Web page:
Video Of The Week: ‘She Asked For It’

Laci Green is an awesome public figure and YouTuber that focuses on all things to do with sex education, rights and rape culture.

The ridiculous notion of ‘She Asked For It’ in existing rape mythology is the belief that a victim ‘asked for’ or ‘wanted’ their abuse or harassment because of their clothing, their actions or their situation.

Laci tackles this ongoing issue within rape culture in the video below and it’s well worth watching for her entertaining and brutally honest insight into rape culture and victim blaming.

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The Oscar Pistorius Effect

Last week Oscar Pistorius was sentenced to five years in prison for the 2013 shooting death of his then-girlfriend, model Reeva Steenkamp.

However, he will most likely only be serving 10 months of this sentence in prison, while the rest of the time will be under house arrest.

Am I the only one that think’s Oscar Pistorius’ punishment is absolutely ridiculous in it’s leniency and not at all representative of the crime he committed?

Columnist Allison Pearson in her article “Another black day for Reeva Steenkamp and all women” hit the nail on the head when she said that ‘Oscar will do the sort of stint in prison you give to a petty thief, not someone who has stolen a young woman’s life from her.”

“So now at least we know. We know what a woman’s life is worth….for this casual monstrosity, Oscar Pistorius was handed a five-year term, of which he will serve only one sixth in jail. After that, he will be under house arrest and will be free to see family and friends, to feel the sun on his face, to make love to another blonde.”

“For Oscar the bereft, Oscar the remorseful, Oscar who was so distressed about losing his soul-mate that he had trouble getting his facts straight, is said to have started a relationship with another model. Well, fancy that.”

Pistorius was “jealous and insecure”. In a text message, Reeva had told her boyfriend: “I am scared of you sometimes and how you snap at me.”

Can you imagine if Reeva was the one that was jealous and insecure? It would be a different story. It seems like if you’re a woman and you’re jealous and insecure you’re deemed by your partner as ‘crazy’.  If you’re woman who is in a relationship with a jealous and insecure man… well there’s a greater likelihood of abuse or murder. (Yes I realise that’s a gross assumption… but I’m all kinds of angry at the moment)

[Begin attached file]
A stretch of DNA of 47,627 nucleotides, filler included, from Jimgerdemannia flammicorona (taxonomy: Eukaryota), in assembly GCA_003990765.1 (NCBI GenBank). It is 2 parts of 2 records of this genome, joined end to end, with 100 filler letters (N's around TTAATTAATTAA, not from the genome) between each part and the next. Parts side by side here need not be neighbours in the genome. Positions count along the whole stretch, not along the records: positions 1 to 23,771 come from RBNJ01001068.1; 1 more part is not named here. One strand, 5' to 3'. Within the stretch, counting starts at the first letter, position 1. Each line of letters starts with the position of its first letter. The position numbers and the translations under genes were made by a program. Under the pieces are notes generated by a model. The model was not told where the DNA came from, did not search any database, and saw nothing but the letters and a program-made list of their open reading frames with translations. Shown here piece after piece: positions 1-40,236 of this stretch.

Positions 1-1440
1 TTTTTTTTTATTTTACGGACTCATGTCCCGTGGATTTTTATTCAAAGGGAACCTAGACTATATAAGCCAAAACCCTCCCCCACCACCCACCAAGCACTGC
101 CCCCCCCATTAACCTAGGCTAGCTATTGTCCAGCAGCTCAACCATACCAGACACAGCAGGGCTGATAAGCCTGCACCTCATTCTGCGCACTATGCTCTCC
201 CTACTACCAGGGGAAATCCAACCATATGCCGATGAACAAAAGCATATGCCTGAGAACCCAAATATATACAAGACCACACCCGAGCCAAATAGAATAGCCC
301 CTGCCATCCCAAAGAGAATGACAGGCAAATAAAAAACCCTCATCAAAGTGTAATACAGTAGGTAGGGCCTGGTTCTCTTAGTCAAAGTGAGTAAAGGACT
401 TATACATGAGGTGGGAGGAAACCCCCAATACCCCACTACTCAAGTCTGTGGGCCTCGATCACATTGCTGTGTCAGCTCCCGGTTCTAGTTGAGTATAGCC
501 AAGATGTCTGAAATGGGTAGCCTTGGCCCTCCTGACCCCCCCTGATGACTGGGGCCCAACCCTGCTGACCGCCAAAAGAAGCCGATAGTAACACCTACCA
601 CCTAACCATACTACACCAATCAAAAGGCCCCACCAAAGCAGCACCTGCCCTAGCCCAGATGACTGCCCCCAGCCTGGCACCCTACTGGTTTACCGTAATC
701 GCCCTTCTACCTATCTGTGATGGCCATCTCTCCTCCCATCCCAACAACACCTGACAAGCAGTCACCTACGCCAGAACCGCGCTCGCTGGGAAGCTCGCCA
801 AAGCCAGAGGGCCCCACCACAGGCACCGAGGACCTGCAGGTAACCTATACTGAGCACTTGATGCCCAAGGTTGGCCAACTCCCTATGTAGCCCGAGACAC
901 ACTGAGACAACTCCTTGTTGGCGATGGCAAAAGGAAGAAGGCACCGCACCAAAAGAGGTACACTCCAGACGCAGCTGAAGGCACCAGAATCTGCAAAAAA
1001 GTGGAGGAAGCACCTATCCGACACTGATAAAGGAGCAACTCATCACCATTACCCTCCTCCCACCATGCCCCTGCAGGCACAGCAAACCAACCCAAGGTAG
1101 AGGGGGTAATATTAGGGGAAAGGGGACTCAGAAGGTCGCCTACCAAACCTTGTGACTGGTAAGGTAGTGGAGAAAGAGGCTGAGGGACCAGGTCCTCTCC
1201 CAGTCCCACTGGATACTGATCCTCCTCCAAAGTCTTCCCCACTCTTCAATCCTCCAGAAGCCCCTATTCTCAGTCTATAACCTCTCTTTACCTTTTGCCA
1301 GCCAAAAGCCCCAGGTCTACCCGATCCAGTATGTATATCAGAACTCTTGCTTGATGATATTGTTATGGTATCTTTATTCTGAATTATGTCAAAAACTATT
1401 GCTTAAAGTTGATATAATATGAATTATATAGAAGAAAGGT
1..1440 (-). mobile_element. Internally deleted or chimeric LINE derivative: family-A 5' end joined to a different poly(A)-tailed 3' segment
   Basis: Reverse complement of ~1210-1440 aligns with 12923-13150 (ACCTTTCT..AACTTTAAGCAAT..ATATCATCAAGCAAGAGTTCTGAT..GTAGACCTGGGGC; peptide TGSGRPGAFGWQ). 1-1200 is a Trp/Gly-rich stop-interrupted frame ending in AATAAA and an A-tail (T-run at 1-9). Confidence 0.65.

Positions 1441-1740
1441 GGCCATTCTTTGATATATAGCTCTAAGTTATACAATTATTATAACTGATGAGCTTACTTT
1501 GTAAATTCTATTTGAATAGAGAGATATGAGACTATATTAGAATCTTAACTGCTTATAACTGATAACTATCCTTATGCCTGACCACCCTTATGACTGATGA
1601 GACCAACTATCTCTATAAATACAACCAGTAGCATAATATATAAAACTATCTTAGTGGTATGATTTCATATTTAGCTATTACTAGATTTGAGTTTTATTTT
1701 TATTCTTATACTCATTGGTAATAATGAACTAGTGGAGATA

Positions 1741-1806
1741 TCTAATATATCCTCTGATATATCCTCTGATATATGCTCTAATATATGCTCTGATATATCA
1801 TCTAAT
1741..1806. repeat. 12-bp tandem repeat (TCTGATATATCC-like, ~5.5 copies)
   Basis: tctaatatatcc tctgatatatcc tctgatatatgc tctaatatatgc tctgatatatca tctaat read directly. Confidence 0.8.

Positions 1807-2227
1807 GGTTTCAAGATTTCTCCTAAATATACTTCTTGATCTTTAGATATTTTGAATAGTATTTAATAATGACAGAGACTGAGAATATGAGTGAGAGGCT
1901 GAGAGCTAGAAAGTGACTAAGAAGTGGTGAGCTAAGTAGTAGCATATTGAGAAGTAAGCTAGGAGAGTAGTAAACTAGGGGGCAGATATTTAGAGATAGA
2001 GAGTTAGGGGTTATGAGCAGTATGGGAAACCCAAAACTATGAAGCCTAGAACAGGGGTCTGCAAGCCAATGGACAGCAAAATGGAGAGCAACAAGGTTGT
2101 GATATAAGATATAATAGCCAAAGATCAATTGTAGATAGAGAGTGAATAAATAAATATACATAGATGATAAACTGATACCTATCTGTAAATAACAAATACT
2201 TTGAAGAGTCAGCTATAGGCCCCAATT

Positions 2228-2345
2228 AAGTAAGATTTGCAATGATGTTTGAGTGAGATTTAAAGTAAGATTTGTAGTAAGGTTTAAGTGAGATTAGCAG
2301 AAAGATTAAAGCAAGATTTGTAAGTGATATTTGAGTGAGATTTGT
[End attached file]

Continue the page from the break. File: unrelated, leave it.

It can be argued that in many ways Pistorius’ overt displays of emotional distress in court saved him from people seeing what he truly was – a perpetrator of sexual violence. If the roles were reversed, this would have been what doomed Reeva to a harsher sentence in jail.

As Daily Life columnist Dan Hodges points out, “She was a woman. And he is a man. So she is dead. And this time next year, Oscar Pistorius will be free.”

This case is not just an example of the completely warped sentencing for abusers but is also a reflection of the issues surrounding domestic violence and perceptions of such violence.

In the same 20-month window since Reeva Steenkamp was killed, an estimated 2361 women in South Africa (where Steenkamp lived) have been killed by their partners. That’s about 27 women every week. Or almost 4 women a day.

While responsibility lies with the perpetrator, at least some of these deaths could be prevented if more of us spoke up when we suspect domestic violence.

But why don’t we?

In some homes and communities domestic violence is normalised and it may be considered futile to intervene. People often take the it’s ‘none of my business’ approach for fear of revenge, uncertainty or a lack of confidence in the police system – supported by the utter incompetence of many courts to give justice to victims.

The more we talk about domestic violence, the more we educate everyone on the circumstances of abuse, the more we combat the ignorance and injustice that plagues conversations surround abuse and assault.

Let’s not turn a blind eye. Let’s make sure Reeva Steenkamp and all the victims of domestic violence do not die or suffer for nothing. Let’s change the conversation.

“As we mourn for Reeva Steenkamp, and all those others who have died at the hands of partners, it’s vital that we see the bigger picture. Because Reeva Steenkamp may have died alone. But her death does not stand in isolation.”

What do you think of Pistorius’ sentence?

 

Cosplay Does Not Equal Consent

Female attendance at fan conventions is growing rapidly with an estimated women making up an estimated 41percent of attendees at conventions.

Many women are also joining the cosplaying scene and dressing up as fantasy characters, quickly becoming a fixture at the pop culture conventions.

However, many women in the cosplay community identify that fans are taking the fantasy too far with one quarter of the women who attend conventions claiming they have been sexually harassed at some point.

Female fans complain of unwanted leering, groping and catcalling with also shocking reports of fans taking upskirt photos of costumed attendees.

There are calls for conventions to do more with San Diego Comic Con claiming that staff and security guards are on hand to help anyone who is being harassed. And the inclusion of note in the packet given to attendees stating, ‘Harassing or offensive behavior will not be tolerated. Comic-Con reserves the right to revoke, without refund, the membership and badge of any attendee not in compliance with this policy.’ But is it really enough?

Seattle’s Emerald City Comic Con but up a better effort to combat harassment than it’s San Diego counterpart with it’s  ‘zero tolerance policy’ toward harassment. Information about how “Cosplay is Not Consent!” is placed all over their venue, website, and event-guide combined with a hosted panel on preventing harassment.

But the very fact that such measures are necessary and needed is disappointing.

“It makes me sad that you have to tell people, ‘Don’t sexually harass another individual,’” said cosplayer Claudia M., dressed as Connor from the video game Assassin’s Creed. “We’re all here to do the one thing we love, which is just geek out together.”